The law can be difficult to understand, particularly for people who have limited encounters with the justice system. In order to ensure citizens are aware of the law, the Government is required to publish the law and make it available for people. You can't be presumed to know a law that you don't have access to. And the right to know the law isn't a privilege that is only due to those who can afford lawyers.
But the law isn't just what is written in statutes and legislation. The law is also, largely, controlled by the interpretation of those statutes and the rules around the application of legal principles. This is known as the common law. And this is where things become complicated in the Immediate Roadside Prohibition scheme. There have been numerous cases discussing the burden of proof, the assessment of credibility, inference drawing, and the interpretation of the Motor Vehicle Act in IRP cases. The problem is that the majority of those cases aren't publicly available.
How is this fair? How do people know what the law is, when they can't see it in action?
In principle, the #IBelieveSurvivors crowd is absolutely correct. And when it comes to accessing victims' services, counselling, support, and simply being taken as credible amongst friends, family, by the police and by prosecutors -- when it comes to all that, there is no reason to discount the #IBelieveSurvivors rhetoric. Since the verdict in Jian Ghomeshi's highly publicized criminal trial for sexual assault, many people have criticized the justice system for failing to follow the basic premise that survivors of sexual assault will not fabricate their accounts.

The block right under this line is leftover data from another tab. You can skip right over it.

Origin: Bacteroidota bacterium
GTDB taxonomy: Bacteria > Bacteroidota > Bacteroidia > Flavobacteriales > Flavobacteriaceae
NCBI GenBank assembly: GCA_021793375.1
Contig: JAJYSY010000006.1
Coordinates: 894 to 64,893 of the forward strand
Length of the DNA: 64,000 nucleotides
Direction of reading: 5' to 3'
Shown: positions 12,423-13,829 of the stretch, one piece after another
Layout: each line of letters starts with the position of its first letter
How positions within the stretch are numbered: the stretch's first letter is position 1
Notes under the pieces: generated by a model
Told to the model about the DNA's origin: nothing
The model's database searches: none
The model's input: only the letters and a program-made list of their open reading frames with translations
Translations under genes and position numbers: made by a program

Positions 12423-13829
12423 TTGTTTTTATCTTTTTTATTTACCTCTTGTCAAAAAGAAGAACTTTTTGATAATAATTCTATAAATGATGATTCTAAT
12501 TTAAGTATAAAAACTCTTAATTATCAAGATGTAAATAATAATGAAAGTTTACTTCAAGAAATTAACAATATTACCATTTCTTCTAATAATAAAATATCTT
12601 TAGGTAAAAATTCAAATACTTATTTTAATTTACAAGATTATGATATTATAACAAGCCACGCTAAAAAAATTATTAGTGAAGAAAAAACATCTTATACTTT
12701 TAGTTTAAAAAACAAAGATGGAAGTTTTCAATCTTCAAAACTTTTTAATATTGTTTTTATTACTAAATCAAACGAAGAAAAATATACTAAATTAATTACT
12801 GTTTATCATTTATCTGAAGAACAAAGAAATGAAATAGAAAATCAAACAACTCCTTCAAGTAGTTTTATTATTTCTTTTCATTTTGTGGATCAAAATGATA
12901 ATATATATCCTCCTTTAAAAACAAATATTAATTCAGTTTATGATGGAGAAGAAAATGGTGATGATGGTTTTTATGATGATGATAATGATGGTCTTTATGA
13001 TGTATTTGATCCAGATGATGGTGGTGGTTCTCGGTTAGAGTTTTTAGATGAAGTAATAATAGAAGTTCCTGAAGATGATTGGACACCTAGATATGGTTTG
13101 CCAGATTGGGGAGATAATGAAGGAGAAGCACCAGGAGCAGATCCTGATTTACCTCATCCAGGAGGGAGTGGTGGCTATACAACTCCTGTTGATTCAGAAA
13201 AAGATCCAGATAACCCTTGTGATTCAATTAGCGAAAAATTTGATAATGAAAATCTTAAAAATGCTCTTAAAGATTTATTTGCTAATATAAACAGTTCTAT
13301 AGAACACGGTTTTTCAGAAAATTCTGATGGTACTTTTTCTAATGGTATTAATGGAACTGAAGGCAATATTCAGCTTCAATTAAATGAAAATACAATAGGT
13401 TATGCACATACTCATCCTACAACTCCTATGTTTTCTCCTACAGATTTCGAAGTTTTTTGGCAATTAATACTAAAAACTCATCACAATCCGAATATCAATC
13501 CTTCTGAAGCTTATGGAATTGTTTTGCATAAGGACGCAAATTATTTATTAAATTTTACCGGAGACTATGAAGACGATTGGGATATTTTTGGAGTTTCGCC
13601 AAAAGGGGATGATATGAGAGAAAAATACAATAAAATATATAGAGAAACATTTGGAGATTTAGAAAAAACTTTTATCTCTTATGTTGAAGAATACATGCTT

But that same rhetoric has no place in a criminal trial. It is contrary to the fundamental principles of justice in this country, and contrary to any fair and just system of criminal law. As difficult as it may be to accept, we have to stop trying to think about a criminal courtroom as a space that either belongs to or should belong to victims of crime. Rather, the criminal courtroom is a space that belongs to society as a whole.
I'd like to take this blog post to write about why it is dangerous to allow that type of thinking in a criminal courtroom.
Both myself and my colleague, Paul Doroshenko, are known for the ways in which we stick our necks out in the interests of justice. Doing so has its benefits, mostly because we know we are sticking up for the little guy and there is great satisfaction that comes from fighting for a cause that you believe is just. I am particularly active in defending Immediate Roadside Prohibition cases, and have advanced numerous complex, technical, and creative legal arguments. I do not always succeed, but I do cause the Superintendent of Motor Vehicles some difficulty.
However, there are also downsides to doing what we do. And if you've noticed the silence in my blog as of late, the downsides are part of the explanation.
Vancouver Criminal Lawyer with a focus on impaired driving, marijuana legalization and related issues, and immediate roadside prohibition defence.